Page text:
National Poetry Month should be a festival, a time to rival Mardi Gras in the imaginations of the American people. Poems should be read on the radio daily — and not just by Garrison Keillor
— be declaimed in bars and from street corners, and every time one connects to the Internet, one should be offered the arresting opportunity to engage with the muse.
But how to arrive at such an exalted state? In the words of Dana Gioia's famous book of criticism, Can Poetry Matter in our harried, twittering, dog-eared age?
I stand with my colleague Jae, who blogged on poetry earlier this month, on this issue. Poetry can matter, and it can come to play an important and irreplaceable role in our lives. The crux of the problem is to find the book, the author, even the poem that serves as a "good entryway" (in Jae's words) to the world of poetry. It is in that light that I offer up a few of my favorite books of poems of all time.
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Charles Simic's The World Doesn't End won the Pulitzer Prize for Poetry in 1990. And there's good reason for that. This slim book of meticulously crafted prose poems is a dazzler. Simic's work is deeply rooted in surrealism, and most of these poems reflect that influence, teasing us with a sly twist, a coy word play, or strange juxtapositions and unexpected turns of phrase. Subtle, funny, and profound, he invites us to engage with our world in a new way, to see our lives with new eyes, to refresh our vision and dreams at the well of a bountiful imagination.
It was the epoch of the masters of levitation. Some evenings we saw solitary men and women floating about the dark tree tops. Could they have been sleeping or thinking? They made no attempt to navigate. The wind nudged them ever so slightly. We were afraid to speak, to breathe. Even the nightbirds were quiet. Later, we'd mention the little book clasped in the hands of the young woman, and the way that old man lost his hat to the cypresses.
In the morning there were not even clouds in the sky. We saw a few crows preen themselves at the edge of the road; the shirts raise their empty sleeves on the blind woman's clothesline.
Each poem conjures a tiny mythos, a small slice of a world that lurks just over the horizon, waiting for the right moment to burst onto the stage of our senses in an explosion of wonder and good humor. Simic is a great way into the world of poetry. Try this book out; let it rest on your tongue. You will never see your existence in the same way again.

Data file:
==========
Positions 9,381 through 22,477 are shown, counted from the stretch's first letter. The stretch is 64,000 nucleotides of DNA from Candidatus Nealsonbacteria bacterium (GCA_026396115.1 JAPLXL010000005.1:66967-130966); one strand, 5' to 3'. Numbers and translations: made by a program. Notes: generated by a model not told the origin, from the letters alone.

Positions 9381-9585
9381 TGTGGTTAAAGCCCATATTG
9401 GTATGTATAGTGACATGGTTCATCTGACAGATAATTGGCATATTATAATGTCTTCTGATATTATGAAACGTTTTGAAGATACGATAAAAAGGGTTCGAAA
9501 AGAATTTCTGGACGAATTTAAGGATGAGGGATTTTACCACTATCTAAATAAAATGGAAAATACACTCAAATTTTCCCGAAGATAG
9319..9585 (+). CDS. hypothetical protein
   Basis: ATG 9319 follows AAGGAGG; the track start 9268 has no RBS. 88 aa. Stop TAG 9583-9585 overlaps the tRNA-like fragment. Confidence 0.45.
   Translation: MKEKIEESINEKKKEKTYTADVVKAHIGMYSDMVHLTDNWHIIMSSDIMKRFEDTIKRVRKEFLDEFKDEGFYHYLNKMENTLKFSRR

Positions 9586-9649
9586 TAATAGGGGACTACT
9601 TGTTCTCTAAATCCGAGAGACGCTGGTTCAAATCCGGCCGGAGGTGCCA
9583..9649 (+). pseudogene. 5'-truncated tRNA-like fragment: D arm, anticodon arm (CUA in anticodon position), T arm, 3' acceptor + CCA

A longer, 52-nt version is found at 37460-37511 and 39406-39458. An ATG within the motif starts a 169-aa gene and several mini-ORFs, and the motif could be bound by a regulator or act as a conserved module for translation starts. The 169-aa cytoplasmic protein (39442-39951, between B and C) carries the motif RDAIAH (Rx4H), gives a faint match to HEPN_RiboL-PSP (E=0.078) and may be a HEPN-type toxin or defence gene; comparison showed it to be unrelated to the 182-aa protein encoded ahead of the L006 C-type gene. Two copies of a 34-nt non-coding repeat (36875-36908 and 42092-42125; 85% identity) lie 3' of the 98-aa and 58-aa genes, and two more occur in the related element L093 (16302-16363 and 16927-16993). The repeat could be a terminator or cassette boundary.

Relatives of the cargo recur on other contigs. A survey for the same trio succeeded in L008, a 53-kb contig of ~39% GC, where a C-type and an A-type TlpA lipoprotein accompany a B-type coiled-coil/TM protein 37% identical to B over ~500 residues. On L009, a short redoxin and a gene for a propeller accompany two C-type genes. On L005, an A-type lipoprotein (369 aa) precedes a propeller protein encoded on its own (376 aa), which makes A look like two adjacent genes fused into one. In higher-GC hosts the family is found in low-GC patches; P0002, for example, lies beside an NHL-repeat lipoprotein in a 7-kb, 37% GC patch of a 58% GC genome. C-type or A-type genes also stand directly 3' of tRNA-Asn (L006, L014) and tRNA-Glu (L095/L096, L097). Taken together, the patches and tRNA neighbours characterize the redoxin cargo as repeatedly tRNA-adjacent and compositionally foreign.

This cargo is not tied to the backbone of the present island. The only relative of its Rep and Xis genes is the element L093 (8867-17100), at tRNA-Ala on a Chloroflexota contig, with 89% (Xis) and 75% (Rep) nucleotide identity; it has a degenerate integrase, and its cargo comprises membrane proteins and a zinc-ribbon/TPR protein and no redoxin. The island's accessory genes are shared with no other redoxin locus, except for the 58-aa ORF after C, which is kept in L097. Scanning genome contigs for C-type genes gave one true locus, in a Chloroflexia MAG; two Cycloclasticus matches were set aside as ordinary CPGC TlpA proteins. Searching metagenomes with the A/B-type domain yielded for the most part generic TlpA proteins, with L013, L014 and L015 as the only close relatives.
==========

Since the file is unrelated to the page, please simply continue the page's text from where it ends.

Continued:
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Anthologies are a great introduction to the world of poetry. Sometimes it seems that there's a different anthology crafted to fit every taste. A single anthology crafted to fit every taste is Nobel Prize-winner Czeslaw Milosz's wonderfully-titled A Book of Luminous Things. This collection of over 300 poems lives up to its title, producing moment after moment of illumination, of transcendent experience, of insight into the most sublime states that the art of humane letters could possibly provide.
The poems are organized by theme. There are sections on travel, places, the moment, and nature, along with many others. The poets are international in scope, and date back to the dawn of the written word. Classical Chinese poets exists in this book alongside contemporary Polish poets; Robinson Jeffers is in here next to Steve Kowit and Buddhist poet Wang Wei.
There are really very few books that categorically provide an aha moment on every page. This exquisite book is one of them.
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The one anthology that I return to again and again, though, is Poetry Like Bread: Poets of the Political Imagination from Curbstone Press, edited by Martin Espada. At over 300 pages, this collection brings together an exceptional selection of the very best poems published by one of the very best independent presses of all time. Curbstone was dedicated to a progressive vision, and this shines through in the books they chose to publish. In their early years, many of their books were by Central American revolutionary poets like Leonel Rugama and Roque Dalton. Later they expanded their list to include Vietnamese poets and many progressive poets from the United States, including the likes of Jack Hirschman, Sarah Menefee, Margaret Randall, and Luis Rodriguez.
These poems vibrate with commitment. They provide a compelling witness to the fact that literature and life, poetry and struggle do not need to be divorced. These are poems that are meant to be read and internalized, to inform the very best parts of ourselves, and to seed our dreams and hopes and aspirations with the vision of a better world. Take, for example, the poem from which the title of this fine book was drawn, Roque Dalton's "Like You:"
Like you I
love love, life, the sweet smell
of things, the sky-blue
landscape of January days.
And my blood boils up
and I laugh through eyes
that have known the buds of tears.
I believe the world is beautiful
and that poetry, like bread, is for everyone.
And that my veins don't end in me
but in the unanimous blood
of those who struggle for life,
landscape and bread,
the poetry of everyone.